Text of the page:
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The Victory Gardens for Peace Mini-Farm Report
By Matt Drewno, VGFP Mini-Farm Manager

A bumblebee at VGFP tickles the pollen from flowering phacelia, a fantastic early-season pollinator plant! IMAGE CREDITS: VGFP
A bumblebee at VGFP tickles the pollen from flowering phacelia, a fantastic early-season pollinator plant! IMAGE CREDITS: VGFP

“When I go into the garden with a spade and dig a bed I feel such an exhilaration and health that I discover that I have been defrauding myself all this time in letting others do for me what I should have done with my own hands.” – Ralph Waldo Emerson

Each day in the garden is an opportunity to grow. And what a gift it is! Here at Victory Gardens for Peace we approach each day with gratitude for the lessons learned, and those which constantly reveal themselves in the garden. What a blessing to be able to work with the Earth and to be worked by the Earth: to nurture that which nurtures you! Our 220-bed research, education and demonstration mini-farm is located on the Mendocino Coast in Northern California. We are transitioning our overwintering legume cover crops into main season grains, pulses, vegetables, flowers and seed crops. Its an exciting time of year as increasing day-length awakens the pollinators to meet the profuse blooms of wildflowers and overwintering seed crops. The vital force of spring lifts us and carries us, and as we cultivate the soil from winter’s rest we, too are invigorated by nature’s verdant and prolific vitality. Springtime is a celebration, a resurrection, and a perennial joy. I hope that over the past year you have found the inspiration to grow more soil, food and seed than ever before, and that that inspiration carries you forward with joy into the garden.

By the time you are reading this, our summer internship and course will have begun. Each year we bring folks from different parts of the world and our community to share experience and learn together about the GROW BIOINTENSIVE® Method (GB). While COVID has hindered our ability to accept international students, we have adapted to integrate our curriculum and local outreach into an exciting new program we are calling GardenCorps which we are offering to domestic students. More on GardenCorps later, but I would like to say how impressed I have been with the quality of the 8-month Online Internship program which has enabled Ecology Action to continue our international outreach and education despite the challenges posed by the COVID crisis. Each week dozens of interns gather online to enhance their understanding of the important solution of the GB Method – a real world example of technology promoting sustainable progress!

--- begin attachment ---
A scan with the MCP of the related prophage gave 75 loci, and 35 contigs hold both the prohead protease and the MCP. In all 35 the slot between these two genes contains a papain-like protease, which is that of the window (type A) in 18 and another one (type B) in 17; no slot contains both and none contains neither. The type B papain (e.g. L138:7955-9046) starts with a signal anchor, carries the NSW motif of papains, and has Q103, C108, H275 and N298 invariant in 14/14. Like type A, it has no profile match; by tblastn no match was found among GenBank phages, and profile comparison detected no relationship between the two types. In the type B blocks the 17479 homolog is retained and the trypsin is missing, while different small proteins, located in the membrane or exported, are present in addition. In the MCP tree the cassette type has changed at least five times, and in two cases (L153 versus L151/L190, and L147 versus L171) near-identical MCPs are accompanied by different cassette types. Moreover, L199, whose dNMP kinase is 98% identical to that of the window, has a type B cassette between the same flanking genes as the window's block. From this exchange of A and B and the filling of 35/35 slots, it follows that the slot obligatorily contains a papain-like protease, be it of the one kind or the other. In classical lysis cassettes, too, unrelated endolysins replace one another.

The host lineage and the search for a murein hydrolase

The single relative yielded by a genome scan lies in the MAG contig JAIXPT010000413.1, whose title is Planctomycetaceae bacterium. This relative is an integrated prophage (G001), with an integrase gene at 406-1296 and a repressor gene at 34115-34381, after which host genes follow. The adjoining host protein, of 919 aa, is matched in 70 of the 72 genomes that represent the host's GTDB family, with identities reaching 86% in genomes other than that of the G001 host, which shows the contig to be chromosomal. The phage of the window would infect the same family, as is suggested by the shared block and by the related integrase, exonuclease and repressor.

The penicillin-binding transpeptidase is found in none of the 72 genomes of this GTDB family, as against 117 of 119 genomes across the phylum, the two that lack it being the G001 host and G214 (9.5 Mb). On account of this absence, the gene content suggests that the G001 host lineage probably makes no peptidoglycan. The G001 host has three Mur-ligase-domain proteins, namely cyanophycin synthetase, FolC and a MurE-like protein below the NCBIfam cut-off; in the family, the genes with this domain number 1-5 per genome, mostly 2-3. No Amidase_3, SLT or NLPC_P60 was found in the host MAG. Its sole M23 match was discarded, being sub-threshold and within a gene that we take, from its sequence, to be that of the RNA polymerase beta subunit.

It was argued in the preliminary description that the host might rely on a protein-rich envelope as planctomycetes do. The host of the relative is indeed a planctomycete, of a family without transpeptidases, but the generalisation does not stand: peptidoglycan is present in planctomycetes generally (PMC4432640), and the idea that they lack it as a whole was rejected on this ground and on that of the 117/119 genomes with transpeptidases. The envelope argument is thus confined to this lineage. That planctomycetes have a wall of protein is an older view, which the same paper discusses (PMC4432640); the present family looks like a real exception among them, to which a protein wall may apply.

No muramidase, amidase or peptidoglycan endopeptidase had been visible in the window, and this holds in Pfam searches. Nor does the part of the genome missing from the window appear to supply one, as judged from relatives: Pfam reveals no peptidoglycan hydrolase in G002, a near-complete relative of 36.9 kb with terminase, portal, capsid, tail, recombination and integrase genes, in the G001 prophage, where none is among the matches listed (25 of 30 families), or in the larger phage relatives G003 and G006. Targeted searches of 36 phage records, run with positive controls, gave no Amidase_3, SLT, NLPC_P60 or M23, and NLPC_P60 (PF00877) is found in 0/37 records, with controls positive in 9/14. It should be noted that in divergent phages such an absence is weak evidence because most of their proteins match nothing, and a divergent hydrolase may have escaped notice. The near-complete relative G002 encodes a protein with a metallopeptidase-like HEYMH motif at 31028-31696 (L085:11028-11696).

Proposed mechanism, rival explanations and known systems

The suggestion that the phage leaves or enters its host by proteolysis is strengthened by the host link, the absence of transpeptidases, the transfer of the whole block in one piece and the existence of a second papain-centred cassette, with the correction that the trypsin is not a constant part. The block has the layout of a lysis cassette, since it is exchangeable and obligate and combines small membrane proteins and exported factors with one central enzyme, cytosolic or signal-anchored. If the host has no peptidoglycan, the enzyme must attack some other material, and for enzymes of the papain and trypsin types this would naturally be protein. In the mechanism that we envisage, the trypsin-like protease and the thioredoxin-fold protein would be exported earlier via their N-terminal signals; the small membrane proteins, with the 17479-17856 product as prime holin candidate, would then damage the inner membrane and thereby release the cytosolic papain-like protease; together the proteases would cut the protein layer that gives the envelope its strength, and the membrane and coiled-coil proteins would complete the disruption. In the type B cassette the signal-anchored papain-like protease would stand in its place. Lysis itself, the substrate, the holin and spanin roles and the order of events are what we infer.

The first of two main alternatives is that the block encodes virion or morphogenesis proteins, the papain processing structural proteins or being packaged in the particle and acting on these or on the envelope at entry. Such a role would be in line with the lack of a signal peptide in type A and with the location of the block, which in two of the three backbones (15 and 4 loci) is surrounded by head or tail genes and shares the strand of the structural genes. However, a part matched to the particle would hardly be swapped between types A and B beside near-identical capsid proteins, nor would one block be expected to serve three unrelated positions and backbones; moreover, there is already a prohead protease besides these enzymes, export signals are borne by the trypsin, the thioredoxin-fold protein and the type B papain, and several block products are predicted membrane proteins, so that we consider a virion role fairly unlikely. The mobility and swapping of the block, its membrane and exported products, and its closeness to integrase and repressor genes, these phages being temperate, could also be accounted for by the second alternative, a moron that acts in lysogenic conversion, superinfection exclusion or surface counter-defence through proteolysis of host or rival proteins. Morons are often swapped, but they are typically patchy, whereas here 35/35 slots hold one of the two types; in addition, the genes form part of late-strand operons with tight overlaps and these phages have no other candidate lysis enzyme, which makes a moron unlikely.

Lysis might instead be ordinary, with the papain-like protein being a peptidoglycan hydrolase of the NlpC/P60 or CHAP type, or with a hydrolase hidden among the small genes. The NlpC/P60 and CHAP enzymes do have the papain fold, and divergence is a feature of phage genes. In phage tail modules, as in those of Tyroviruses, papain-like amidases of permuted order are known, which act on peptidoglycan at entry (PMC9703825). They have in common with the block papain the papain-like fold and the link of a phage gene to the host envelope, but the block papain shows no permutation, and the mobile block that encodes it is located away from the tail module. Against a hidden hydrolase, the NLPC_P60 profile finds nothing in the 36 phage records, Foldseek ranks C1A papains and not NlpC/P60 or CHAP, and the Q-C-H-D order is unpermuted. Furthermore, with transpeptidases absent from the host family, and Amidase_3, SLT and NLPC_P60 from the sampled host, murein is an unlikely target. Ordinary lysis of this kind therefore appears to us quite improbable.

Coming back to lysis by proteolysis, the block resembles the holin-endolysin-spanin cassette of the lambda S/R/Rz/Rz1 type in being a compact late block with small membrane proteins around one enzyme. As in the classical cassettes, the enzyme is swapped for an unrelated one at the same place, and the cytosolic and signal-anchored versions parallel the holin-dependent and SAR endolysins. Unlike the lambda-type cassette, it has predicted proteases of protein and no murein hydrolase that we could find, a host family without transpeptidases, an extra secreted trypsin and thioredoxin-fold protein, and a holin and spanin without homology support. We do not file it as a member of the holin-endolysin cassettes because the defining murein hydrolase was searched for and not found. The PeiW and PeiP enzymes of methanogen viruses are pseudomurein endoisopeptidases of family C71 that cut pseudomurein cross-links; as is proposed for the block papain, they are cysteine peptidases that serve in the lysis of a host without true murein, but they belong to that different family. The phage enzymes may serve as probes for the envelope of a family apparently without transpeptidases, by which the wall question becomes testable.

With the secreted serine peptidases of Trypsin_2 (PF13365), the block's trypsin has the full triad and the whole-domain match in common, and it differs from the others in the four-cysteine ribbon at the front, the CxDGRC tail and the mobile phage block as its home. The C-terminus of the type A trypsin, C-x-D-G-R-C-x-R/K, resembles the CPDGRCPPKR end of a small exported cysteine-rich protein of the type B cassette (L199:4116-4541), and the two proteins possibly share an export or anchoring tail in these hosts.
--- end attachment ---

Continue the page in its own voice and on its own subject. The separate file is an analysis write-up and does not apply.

Our Victory Gardens for Peace Seed Bank continues to grow, and we have developed a new online platform that allows us to take online orders and ship them to our community. This has enabled us to continue to distribute seed during the pandemic, and also helps us better track what seeds are popular so we can continue to grow out priority seeds for the North Coast of California. You can learn more about this important project at We will be publishing a booklet by the end of 2022 on how to start a community seed bank and reintegrate seed saving into your community, so everyone can access local, healthy seed.

This year we will be focusing much of our growing area into replenishing seed stocks after last year’s big rush on our seedbank. Seed saving is a wonderful part of the GB Method, which not only saves money, but also helps adapt local varieties and increases food security. And that’s not all! The flowers of seed-producing plants provide food and habitat for pollinators and beneficial insects. In addition, as plants mature, their carbon structures change and their biomass increases to support their blooms and seeds. This biomass provides wonderful materials for the compost pile, which farms more carbon from the atmosphere and helps us increase the organic matter of our soils for increased fertility and sustainability.

As I write, we are transplanting our grains and summer crops after a dry winter and entering what appears to be a rather severe drought-year. That makes it even more important to note that GB uses only a third of the water that conventional agriculture requires to grow food. GB incorporates carbon-rich crops and composting, which increases soil organic matter levels, which further-enhances the soil’s water-holding capacity. And with a good diet design, such as the 10-Bed Unit Complete Diet Design we are experimenting with in VGFP’s coastal climate, as little as 2-10% of the water is required to grow a complete diet and sustainable soil fertility, on less than 2% of the land, as compared to a conventionally grown American diet.